Bedtime is also the time when you will be able to make better decisions and be consistent with your plan.  If bedtime coaching is all you can handle right now, it’s okay to focus your effort there.  Once your lil one is falling asleep independently at bedtime, you will have the confidence to address night waking.

Having a relaxing and consistent bedtime routine that you do every night before
bed will help cue the brain and your child that sleep is coming.  Your routine could be bath, lotion, massage, pajamas, pre-bedtime feed (if age appropriate), brush teeth, followed by reading a book or a song.  Then lights out and put your child into their bed relaxed but awake.  If needed, write your routine down and share it with all who care for your child.  For an older child a chart with pictures can be helpful and will involve them in the process which will help make them more willing to participate.

Bedtime and middle of the night, 2 different skills!

Learning to go to sleep at bedtime without a sleep crutch (any service that you provide to or for your child) is one skill. Learning to go back to sleep after a partial arousal (see below) during the middle of the night is another skill.

I have parents tell me ‘he can fall asleep at bedtime independently, that is not the problem, he just won’t stay sleep and wakes up every 2 hours’.  I come across many children who can fall asleep independently at bedtime but still require assistance to get back to sleep during the night.  The reason is, they have not mastered the next stage in sleep learning.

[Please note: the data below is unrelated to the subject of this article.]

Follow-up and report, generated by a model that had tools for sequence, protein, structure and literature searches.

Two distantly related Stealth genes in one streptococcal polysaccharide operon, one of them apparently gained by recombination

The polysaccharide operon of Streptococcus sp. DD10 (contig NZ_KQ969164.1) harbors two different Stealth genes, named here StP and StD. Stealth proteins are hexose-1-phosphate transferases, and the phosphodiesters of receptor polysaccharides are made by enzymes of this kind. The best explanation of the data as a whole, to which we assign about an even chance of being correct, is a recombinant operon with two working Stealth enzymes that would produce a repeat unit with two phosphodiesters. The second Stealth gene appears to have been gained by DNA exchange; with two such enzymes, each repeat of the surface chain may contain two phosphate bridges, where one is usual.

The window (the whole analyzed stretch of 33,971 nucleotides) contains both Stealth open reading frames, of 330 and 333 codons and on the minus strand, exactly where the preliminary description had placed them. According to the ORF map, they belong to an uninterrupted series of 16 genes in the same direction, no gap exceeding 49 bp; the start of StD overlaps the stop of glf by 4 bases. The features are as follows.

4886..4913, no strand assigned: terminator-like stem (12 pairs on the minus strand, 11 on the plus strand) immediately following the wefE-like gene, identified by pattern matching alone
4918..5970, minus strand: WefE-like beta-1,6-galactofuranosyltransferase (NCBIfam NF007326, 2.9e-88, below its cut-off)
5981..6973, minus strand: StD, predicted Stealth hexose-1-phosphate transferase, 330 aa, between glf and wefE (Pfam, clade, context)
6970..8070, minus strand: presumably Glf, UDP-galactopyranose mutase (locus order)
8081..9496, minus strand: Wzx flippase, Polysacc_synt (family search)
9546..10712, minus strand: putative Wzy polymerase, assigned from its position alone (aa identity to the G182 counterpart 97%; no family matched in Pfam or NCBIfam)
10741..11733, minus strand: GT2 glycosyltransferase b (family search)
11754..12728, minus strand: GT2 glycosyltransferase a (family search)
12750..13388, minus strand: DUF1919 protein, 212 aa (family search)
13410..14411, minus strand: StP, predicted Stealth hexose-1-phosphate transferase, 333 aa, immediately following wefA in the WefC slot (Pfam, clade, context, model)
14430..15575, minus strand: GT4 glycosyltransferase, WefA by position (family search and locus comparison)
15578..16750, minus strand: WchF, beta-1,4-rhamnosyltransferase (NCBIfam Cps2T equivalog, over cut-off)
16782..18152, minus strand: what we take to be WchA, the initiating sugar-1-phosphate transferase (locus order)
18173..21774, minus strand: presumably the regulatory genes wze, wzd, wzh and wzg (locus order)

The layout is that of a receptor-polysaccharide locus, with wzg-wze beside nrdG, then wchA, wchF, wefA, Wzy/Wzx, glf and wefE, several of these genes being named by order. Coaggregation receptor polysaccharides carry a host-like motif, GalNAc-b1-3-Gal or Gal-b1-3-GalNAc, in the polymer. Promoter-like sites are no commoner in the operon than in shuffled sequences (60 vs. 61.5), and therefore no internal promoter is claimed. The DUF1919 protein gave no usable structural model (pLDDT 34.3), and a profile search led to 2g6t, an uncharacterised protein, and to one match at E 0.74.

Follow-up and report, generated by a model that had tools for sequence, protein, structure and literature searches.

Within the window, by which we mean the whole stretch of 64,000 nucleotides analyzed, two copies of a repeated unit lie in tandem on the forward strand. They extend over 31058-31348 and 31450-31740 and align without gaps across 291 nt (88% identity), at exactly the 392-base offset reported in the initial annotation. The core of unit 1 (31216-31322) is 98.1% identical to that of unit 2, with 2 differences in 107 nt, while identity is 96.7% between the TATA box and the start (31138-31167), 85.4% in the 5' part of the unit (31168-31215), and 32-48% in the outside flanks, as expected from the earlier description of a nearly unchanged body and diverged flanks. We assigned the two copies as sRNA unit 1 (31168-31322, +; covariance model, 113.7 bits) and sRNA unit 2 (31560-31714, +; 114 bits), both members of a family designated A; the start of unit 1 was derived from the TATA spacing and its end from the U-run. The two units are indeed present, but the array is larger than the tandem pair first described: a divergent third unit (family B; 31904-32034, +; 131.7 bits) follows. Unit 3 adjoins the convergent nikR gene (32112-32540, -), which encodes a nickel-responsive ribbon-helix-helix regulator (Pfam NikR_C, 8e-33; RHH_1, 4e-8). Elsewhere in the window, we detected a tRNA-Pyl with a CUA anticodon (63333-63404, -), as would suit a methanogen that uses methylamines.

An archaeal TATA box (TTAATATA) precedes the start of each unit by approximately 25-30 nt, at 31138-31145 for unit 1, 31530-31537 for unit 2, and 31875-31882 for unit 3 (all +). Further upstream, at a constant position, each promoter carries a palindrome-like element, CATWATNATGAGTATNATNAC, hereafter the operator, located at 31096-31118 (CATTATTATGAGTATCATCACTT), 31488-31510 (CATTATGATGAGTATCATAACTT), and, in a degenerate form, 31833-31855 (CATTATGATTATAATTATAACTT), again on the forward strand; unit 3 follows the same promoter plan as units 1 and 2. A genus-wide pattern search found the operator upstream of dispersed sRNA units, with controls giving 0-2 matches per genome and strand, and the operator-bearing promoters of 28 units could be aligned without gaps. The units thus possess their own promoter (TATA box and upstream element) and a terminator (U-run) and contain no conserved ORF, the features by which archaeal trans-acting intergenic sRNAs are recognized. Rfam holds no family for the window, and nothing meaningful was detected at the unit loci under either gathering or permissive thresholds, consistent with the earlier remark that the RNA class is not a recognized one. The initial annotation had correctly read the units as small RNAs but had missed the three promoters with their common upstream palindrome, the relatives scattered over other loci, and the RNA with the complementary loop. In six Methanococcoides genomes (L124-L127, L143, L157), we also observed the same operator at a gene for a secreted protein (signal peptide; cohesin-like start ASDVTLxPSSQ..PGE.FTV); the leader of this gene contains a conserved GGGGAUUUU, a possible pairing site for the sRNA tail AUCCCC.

Once your child can put herself to sleep at bedtime from an awake state, you may see their night waking decrease - but it is not likely that all of the night wakings will go away unless you remove the assistance or service you give them during the night.  

Ask your child's pediatrician how many hours your child can go without a feed at night.  If they do need to eat in the night, factor in that feeding.  Then for all other waking’s use your sleep coaching method to help your child learn to go back to sleep at each night time waking. 

No one sleeps through the night!

The phase sleeping through the night is very misleading … everyone wakes in the middle of the night.  We all pass through sleep cycles during the night - we switch from REM to non-REM and the change in our brain activity wakes us up a little bit.  These are called partial arousals.  We also have complete arousals, which wake you up a bit more and they occur about 3-4 hrs. during the night.
If your lil one was rocked, nursed, bottled, or held to sleep at bedtime then they will need you to come back and help them again at each arousal.

What I frequently see parents do is confuse the partial arousal (or brain wake up) with a hunger wake up.  If your child is over 6 months of age, she may not have been hungry at all.  Most children will be happy to have a lil warm milk and a bit of snuggle in the middle of the night. But you have reinforced the waking.  

Don't rush in at the first peep, give your child a chance to get back to sleep on her own.  Especially now that you now know they are really just shifting sleep cycles.  Often they are not completely awake.

It is common for children to wake, cry out then go quiet or babble or moan until they drift back to sleep.  If you rush in you are interfering with the child’s ability to learn how to put herself back to sleep after an arousal.

If you take this knowledge of how independent sleep is learned in stages, you will be much better equipped to help your child learn to sleep through the night and get the quality sleep you both need!

I wish you and your family sweet dreams!

Written by: Michelle S. Donaghy